In California, “Jessica’s Law” increases prison sentences for violent and habitual sex offenders, and bars offenders from living within 2,000 feet of schools and parks and requires them to wear GPS trackers for life. But there are many critics of Jessica’s Law for the way it manages registered sex offenders.
One argument is that Jessica’s Law increases the risk of instability. Since it increases the number of homeless sex offenders — over 2,300 registered sex offenders in California who live on the streets or in their cars. “I don’t understand how the public feels safer with me roaming the streets aimlessly,” said Earl Taylor, a 48-year-old registered sex offender.
Governor Schwarzenegger called for a review of how California manages its registered sex offenders. It’s likely that revisions will require all 66,000 sex offenders in the state will be monitored after revisions to Jessica’s Law — currently fewer than 17,000 are.
The sense of security is misleading, Coombs and others said, because there’s a belief among the public that all 66,000 sex offenders are monitored. But even if authorities had the money to strap ankle bracelets on all sex offenders and enforce residency restrictions, they could face legal challenges.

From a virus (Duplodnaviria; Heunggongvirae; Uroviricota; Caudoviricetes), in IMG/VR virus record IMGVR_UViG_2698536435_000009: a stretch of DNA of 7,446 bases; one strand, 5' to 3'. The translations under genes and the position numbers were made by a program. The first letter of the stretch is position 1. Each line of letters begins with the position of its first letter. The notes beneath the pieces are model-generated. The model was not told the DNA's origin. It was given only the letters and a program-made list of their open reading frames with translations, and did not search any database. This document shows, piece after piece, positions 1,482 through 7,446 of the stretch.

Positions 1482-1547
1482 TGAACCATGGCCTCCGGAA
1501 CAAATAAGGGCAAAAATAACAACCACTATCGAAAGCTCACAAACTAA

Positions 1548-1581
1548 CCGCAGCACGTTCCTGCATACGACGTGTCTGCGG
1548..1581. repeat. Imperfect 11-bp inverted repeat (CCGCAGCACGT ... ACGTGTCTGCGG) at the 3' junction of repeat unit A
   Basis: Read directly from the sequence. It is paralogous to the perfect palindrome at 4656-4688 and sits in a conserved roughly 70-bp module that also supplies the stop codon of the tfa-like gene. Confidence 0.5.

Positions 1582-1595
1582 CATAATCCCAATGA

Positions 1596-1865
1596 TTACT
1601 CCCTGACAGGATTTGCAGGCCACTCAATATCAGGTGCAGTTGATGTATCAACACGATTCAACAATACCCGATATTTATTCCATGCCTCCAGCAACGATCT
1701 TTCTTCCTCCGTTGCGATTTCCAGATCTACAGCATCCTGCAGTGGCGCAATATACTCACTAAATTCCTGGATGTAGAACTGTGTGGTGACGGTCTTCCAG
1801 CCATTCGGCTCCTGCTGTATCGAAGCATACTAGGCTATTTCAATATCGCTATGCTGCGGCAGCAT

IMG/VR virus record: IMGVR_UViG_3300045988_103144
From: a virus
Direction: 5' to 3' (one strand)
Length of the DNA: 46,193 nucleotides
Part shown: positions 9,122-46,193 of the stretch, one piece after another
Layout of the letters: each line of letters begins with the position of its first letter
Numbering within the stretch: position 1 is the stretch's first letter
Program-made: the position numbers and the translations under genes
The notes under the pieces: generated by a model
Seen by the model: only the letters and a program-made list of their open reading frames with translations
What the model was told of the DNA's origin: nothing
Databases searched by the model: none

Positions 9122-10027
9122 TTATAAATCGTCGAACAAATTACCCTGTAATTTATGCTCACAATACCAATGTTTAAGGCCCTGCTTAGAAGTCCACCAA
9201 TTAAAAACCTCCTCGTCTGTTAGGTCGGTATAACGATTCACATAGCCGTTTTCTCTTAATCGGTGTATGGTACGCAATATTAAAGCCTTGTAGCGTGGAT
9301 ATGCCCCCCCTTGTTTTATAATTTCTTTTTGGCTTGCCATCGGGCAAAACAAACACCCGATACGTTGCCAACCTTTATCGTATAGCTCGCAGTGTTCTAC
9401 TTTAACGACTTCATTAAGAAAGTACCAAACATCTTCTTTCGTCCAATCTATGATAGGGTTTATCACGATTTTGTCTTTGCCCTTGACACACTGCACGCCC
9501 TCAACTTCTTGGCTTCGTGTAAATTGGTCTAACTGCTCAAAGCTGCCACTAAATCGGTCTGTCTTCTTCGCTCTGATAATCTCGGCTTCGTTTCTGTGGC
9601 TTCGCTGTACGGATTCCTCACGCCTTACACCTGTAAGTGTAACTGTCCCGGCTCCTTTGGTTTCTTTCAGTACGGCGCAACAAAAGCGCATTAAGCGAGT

The law drives up costs, with little to show for them, in other ways. For example, it significantly increased the number of offenders evaluated for involuntary civil commitment, where persons deemed to be sexually violent predators are sent to a secure, state-run medical center until they no longer pose threats. The state spends up to $1 million a month on evaluations, up from $161,000 before Jessica’s Law.
It’s a tricky subject. Clearly there’s a problem with the way sex offenders are tracked, but no proven solutions.
Life360 is working hard to stay on the forefront of protection from sex offenders, and we offer tools to help you find and monitor sex offenders.
More at the San Francisco Chronicle.